3 Characteristics of the Cloud that Lessen the TCO of SaaS Software
June 26, 2013
At Software Advice, I review enterprise applications and help buyers understand the CRM software market. As part of my work there, I recently created a tool to help software buyers compare the total cost of ownership (TCO) of on-premise and software-as-a-service (SaaS) solutions. The process of creating the tool (screenshot above) was a great exercise in understanding what impacts the TCO of a SaaS investment and the true cost savings of SaaS.
1. The biggest cost savings of SaaS come from outsourcing IT
To understand the true savings of SaaS, you have to look beyond the licensing and subscriptions. The major SaaS savings stem from not having to host and maintain the software on your end. Since SaaS vendors like Fision take on the heavy lifting of hosting and maintaining the software and ensuring data security, internal IT costs are limited with a SaaS purchase. This can be a significant cost saving for small to mid-sized businesses with limited budgets.
2. With SaaS, your infrastructure investment is limited
Many on-premise systems today have a web-based architecture. As a result, they demand less computing power on the desktop and you may not need to purchase new PCs for a new software system. However, on-premise buyers often need to buy new server hardware to properly power the application behind the scenes – and these costs can add up. A $60,000 on-premise license, for instance, could require a $25,000 hardware investment. And there are additional costs that arise from maintaining the hardware and keeping everything running smoothly each year.
SaaS buyers, on the other hand, will not have to plan for the same level of server hardware investment. Some may want to purchase a backup server to back up company data from their provider. And they may also decide to purchase hardware for users; for example, many companies are making large purchases of tablet devices as they roll out new SaaS systems. But even with this investment, hardware costs are typically much lower with a SaaS system.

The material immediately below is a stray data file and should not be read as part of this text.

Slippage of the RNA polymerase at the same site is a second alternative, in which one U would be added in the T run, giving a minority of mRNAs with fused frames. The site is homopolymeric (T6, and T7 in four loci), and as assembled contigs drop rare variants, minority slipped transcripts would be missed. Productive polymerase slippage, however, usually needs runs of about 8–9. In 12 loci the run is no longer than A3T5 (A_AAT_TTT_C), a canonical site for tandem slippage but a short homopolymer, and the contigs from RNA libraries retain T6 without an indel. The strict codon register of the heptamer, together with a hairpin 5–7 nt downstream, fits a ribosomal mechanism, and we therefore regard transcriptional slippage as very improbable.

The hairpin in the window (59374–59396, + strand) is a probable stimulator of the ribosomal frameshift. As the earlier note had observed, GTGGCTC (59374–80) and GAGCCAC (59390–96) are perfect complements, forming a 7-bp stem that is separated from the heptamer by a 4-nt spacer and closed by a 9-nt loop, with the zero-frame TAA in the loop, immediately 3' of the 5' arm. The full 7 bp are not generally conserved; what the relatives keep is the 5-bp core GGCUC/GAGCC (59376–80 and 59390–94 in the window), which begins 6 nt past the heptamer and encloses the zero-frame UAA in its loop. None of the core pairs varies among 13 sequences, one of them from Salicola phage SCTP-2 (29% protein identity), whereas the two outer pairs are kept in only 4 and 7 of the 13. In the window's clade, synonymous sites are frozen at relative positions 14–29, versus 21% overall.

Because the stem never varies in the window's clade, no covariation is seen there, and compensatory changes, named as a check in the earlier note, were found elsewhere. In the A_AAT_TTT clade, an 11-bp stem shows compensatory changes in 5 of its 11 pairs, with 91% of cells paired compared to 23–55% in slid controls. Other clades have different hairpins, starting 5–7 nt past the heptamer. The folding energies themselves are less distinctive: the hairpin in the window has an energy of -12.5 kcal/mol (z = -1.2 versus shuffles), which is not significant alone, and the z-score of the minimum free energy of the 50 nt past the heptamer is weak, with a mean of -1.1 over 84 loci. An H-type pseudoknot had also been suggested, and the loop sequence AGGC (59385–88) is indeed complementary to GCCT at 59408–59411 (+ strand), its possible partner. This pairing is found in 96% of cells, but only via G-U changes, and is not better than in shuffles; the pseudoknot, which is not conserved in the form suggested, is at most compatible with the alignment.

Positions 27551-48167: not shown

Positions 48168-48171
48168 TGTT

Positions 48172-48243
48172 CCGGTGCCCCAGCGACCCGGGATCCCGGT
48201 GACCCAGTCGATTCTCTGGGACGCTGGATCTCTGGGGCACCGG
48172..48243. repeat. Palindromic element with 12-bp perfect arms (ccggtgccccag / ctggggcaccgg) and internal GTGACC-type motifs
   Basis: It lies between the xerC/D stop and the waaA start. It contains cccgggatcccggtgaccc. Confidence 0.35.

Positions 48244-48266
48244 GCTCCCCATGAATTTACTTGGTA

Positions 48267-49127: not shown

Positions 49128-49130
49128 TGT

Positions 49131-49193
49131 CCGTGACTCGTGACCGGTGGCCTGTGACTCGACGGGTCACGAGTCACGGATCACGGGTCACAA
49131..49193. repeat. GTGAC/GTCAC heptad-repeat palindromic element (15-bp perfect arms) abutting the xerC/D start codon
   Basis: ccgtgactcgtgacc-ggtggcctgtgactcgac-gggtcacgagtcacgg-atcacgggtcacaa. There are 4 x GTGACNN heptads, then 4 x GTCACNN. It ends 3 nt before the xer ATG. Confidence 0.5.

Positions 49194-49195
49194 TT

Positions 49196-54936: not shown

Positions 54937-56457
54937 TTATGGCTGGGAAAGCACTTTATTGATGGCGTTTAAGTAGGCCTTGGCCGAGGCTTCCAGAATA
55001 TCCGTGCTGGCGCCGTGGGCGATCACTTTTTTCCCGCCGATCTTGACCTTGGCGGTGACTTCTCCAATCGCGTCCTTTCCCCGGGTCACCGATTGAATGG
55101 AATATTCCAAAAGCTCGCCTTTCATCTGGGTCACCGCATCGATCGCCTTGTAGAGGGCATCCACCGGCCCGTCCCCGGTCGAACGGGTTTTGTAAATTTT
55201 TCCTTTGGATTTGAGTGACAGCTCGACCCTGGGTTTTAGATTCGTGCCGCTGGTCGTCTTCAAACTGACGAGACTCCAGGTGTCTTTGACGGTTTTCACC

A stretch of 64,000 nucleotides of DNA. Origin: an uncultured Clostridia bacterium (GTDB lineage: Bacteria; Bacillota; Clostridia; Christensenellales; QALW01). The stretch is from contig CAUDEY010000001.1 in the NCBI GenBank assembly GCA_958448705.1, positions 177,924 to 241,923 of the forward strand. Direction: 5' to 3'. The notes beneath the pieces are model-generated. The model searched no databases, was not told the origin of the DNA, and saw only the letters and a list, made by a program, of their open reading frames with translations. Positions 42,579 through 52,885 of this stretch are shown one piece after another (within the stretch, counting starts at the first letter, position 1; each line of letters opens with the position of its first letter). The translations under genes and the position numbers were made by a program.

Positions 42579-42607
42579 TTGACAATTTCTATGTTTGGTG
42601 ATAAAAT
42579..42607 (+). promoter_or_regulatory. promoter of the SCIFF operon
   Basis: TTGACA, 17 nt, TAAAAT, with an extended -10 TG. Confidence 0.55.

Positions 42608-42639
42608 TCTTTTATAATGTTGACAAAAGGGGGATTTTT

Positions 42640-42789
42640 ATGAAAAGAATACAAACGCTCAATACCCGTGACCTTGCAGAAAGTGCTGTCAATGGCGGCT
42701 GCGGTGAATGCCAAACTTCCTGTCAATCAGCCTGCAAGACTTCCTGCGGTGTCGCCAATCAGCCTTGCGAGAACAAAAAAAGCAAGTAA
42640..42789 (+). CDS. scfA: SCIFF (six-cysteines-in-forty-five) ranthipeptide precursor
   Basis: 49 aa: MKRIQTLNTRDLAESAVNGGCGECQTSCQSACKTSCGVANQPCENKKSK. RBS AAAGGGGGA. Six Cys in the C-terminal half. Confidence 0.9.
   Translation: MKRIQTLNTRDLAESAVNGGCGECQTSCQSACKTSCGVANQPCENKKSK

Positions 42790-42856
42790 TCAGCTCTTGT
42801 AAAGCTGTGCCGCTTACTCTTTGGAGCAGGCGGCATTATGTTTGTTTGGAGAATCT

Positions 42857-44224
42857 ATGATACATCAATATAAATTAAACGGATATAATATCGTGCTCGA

3. Since SaaS vendors roll out upgrades globally, upgrade costs are limited.
If you purchase an on-premise system, you will likely have to replace it in about five years. Your replacement cost will be similar to your original hardware investment, which can be a significant cost for a small to medium-sized business.
Additionally, at year five, on-premise buyers will probably want to upgrade their software to the latest version. And the cost of a system upgrade can be reflected in all areas of your software purchase. For instance, if you’ve customized the system, you may need to ensure that your customizations remain intact. Sometimes, if you’ve added users to the system prior to upgrade, you may need to purchase additional licenses.
On the SaaS front, upgrades tend to be more iterative and are rolled out on a frequent basis – limiting upgrade expenses down the road. This is the major reason the TCO of SaaS and on-premise systems diverge around year five in our model.
Naturally, coming up with a refined TCO model requires you to do a little homework: For instance, you should model your expected costs in the event of organic or inorganic business growth. The choice between SaaS and on-premise is more difficult than simply looking at your options from a cost standpoint. But this should point you in the right direction, and help you understand some of the characteristics of the Cloud that help reduce your TCO.
Do you have any advice to offer about how to evaluate the TCO of SaaS systems? Leave a note below.